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'Establishing the Global Environment Facility'

Some sort of fund was needed to persuade Southern governments to agree to the conservation and constraints on their national development implied in the Conventions. The Northern donors did not however want to become liable for all the potential costs arising from the treaties, nor to put more money into the United Nations (UN) system - with its relative accountability to Southern governments and ‘inefficient’ political debates and processes. The rich Northern governments also wanted to reform existing international institutions to be more efficient - but without alienating their allied banks and corporations by regulating the terms of global trade and investment for the sake of environmental protection.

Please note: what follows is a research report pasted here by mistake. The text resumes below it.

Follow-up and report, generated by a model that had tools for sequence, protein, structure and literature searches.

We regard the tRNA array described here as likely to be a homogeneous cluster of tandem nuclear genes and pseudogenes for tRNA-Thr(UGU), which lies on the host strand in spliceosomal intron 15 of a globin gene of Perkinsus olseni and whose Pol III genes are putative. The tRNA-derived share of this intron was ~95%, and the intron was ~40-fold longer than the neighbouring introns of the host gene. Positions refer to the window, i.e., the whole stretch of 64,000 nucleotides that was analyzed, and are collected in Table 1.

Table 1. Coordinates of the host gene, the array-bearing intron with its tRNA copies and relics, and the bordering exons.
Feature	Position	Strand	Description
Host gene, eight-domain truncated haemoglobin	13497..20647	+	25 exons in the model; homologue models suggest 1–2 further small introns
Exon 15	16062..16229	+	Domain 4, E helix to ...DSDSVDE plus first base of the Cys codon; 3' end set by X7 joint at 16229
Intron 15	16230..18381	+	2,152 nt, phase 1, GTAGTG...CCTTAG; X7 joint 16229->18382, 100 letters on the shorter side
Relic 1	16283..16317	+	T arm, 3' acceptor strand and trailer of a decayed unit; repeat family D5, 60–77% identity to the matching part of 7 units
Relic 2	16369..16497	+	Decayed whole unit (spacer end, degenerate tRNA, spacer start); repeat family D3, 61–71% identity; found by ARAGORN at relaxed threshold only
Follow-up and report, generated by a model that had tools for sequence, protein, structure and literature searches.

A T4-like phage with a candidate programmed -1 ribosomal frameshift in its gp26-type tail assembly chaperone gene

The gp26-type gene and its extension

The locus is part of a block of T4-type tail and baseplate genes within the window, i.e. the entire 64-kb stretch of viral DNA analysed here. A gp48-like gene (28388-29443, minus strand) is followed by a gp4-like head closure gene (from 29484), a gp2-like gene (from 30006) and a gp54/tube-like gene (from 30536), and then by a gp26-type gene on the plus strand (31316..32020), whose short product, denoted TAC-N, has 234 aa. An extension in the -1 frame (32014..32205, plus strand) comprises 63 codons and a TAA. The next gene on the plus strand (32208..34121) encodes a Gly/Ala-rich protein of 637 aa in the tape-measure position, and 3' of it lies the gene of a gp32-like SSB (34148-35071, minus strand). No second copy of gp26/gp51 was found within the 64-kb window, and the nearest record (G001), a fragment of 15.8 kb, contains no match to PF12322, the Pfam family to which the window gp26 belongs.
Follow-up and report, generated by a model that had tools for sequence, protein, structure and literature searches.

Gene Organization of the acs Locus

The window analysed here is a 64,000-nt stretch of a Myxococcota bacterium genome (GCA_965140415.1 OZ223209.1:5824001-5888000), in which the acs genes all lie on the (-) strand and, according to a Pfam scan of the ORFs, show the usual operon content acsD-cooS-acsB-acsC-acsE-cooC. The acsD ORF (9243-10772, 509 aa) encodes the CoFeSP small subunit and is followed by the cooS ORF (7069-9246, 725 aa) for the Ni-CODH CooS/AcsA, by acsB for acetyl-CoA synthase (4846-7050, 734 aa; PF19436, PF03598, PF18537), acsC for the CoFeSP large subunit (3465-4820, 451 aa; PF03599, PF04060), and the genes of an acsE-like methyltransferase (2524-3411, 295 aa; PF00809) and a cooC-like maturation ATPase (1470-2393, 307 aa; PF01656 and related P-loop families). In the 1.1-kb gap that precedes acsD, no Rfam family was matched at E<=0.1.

The UN-hosted Multilateral Fund for the Montreal Protocol (1987, to counter depletion of atmospheric ozone) had set a precedent for global environmental finance that was not welcomed by the major donor government treasuries, because it allowed all governmental participants in the Protocol a say in spending its funds. When it came to financing the Climate and Biodiversity Conventions - far more politically loaded and complex issues to deal with than ozone - the donors ignored the Montreal Protocol’s effective precedent to deny the new Conventions their own funds and instead establish a GEF under the World Bank’s legal authority. Building on their reputation for political conservatism, the Bank promised its major donors a ‘business-like’ approach to ‘valuing the environment’ and financing ‘sustainable development’.

In the lead up to Rio, the quietly established GEF attracted opposition from Southern governments and non-governmental organisations (NGOs) mistrustful of an opaque entity, a fait accompli based in a World Bank accountable to ‘donor’ rather than ‘client’ governments, let alone environmental science or popular movements.